Phillip Keveren’s Circles

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American composer and arranger Phillip Keveren’s books have become increasingly popular staples in my studio, his recent collection Piano Calm (reviewed here) establishing itself as a particular favourite.

Keveren’s latest publication, brought to us as ever by Hal Leonard, is Circles: Character Etudes in 24 Keys, once again a collection of brand new original pieces aimed at intermediate pianists.


And it’s another triumph…

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Jakub Metelka: Modern Piano Studies

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Jakub Metelka’s Modern Piano Studies is an educationally useful and thoughtfully produced collection of 30 miniature pieces which address aspects both of technique and notation-reading at upper intermediate level.

The book is certainly novel, and may have what it takes to establish itself as a contemporary classic in the pedagogy literature…

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Bertini’s Piano Études

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Henri Bertini (1798-1876) may be less well-known than his ridiculously prolific contemporary Carl Czerny (1791-1857), but his piano studies should not be overlooked, and were hugely influential in their day.

Now, thanks to Schott Music’s sumptuous Essential Exercises series, 48 Studies have been newly republished, offering the perfect opportunity to rediscover and explore this neglected composer’s marvellous work…

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Piano Studies for Technical Development

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Pianists and teachers tend to have a variety of views about the value of “studies”, some strongly advocating daily practice of finger exercises, others suggesting they have little value away from the context of specific repertoire, in which case bespoke studies developed around tricky passages are preferable.

Personally I’ve always taken a middle path here. As I wrote in my recent article The Three Treasures of Musical Learning,

“All aspects of playing need consideration, not merely finger independence, tone control, and fluency – important though these obviously are for pianists. Scales, arpeggios, exercises and studies can all be helpful, but must be executed with an understanding of why they matter, and what is being developed.”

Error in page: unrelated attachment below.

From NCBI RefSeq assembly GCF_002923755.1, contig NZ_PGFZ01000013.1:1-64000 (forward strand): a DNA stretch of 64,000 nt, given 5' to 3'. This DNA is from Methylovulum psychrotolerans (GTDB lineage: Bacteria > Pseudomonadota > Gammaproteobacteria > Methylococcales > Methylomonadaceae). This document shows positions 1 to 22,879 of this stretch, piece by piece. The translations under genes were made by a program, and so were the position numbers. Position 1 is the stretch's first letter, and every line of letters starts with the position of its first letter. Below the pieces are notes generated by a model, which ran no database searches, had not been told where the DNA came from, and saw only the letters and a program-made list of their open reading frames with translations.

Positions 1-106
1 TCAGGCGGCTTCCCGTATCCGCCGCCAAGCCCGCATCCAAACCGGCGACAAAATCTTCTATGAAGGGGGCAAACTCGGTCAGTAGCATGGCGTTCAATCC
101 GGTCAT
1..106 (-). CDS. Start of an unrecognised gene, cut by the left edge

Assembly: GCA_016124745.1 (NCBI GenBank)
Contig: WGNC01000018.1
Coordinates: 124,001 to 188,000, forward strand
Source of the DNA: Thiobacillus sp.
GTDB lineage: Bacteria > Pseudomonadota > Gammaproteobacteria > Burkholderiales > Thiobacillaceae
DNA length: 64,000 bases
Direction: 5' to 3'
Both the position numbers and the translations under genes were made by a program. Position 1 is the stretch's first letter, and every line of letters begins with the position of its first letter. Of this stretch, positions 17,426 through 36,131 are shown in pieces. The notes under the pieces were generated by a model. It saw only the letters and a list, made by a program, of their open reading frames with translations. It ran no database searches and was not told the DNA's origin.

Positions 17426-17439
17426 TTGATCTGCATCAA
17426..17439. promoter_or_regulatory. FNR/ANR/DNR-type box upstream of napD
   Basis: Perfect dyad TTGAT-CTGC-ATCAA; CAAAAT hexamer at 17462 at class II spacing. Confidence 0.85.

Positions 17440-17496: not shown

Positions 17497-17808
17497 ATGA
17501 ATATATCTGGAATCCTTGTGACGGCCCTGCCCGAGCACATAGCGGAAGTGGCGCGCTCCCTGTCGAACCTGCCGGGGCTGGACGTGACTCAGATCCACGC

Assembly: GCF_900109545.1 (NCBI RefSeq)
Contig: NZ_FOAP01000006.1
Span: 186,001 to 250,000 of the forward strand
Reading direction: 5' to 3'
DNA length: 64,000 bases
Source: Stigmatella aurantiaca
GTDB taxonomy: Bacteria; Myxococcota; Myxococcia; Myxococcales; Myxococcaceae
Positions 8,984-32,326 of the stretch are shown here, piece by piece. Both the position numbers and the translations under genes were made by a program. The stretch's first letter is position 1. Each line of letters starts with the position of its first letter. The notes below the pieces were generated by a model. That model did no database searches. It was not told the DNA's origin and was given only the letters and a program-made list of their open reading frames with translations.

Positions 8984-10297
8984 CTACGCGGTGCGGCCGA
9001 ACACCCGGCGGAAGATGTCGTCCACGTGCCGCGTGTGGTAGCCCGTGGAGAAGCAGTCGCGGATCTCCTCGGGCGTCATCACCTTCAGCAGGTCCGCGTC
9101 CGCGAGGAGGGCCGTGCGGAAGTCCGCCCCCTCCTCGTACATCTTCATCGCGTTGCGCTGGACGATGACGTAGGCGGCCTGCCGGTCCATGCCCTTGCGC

I’ve never found it difficult to understand or explain the benefits of the enjoyable little exercises in the Dozen A Day books, and my students almost always find the Burgmüller Op.100 both musically engaging and inspiring to play (my recording of them is free to listen to here).

But I’ve never been a huge fan of Hanon, Czerny, et al, and have tended to agree with my teacher’s teacher, Ernö Dohnányi, who wrote (with irony, in the introduction to his own book of finger exercises!) –

“In music schools, piano tuition suffers mostly from far too much exercise material given for the purely technical development of the pupils, the many hours of practice spent on these not being in proportion to the results obtained. Musicality is hereby badly neglected and consequently shows many weak points.”

Perhaps it’s no surprise then, that when Gayle Kowalchyk and E.L. Lancaster’s two books of Piano Studies for Technical Development landed on my desk for review, my initial gut reaction was to excuse them from the short-list for consideration. Until … I took a closer look.

Let’s find out why I changed my mind …

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Burgmüller: 25 Easy & Progressive Studies Op.100

J.F.F.Burgmüller (1806-1875) was a popular pianist based in Paris who improvised hundreds of Salon Pieces as well as composing a wide range of instrumental music.

He is best known today for his Piano Exercises, notable the 25 Easy and Progressive Studies Op.100. Although called “studies”, and very beneficial for piano playing technique, these are actually very attractive pieces which remain favourites with students of all ages.

I have recorded all 25 of these popular pieces as a resource to help students, and am making the recordings publicly available here so that other players and teachers can have a listen and freely download.


Individual tracks can be freely downloaded from my SoundCloud page here.

I hope you find these recordings useful and perhaps feel inspired to play these very enjoyable classics for yourself. There are many excellent editions of the music; for this recording I used the ABRSM edition:


Also available • Andrew’s essential handbook:
How to Practise Music

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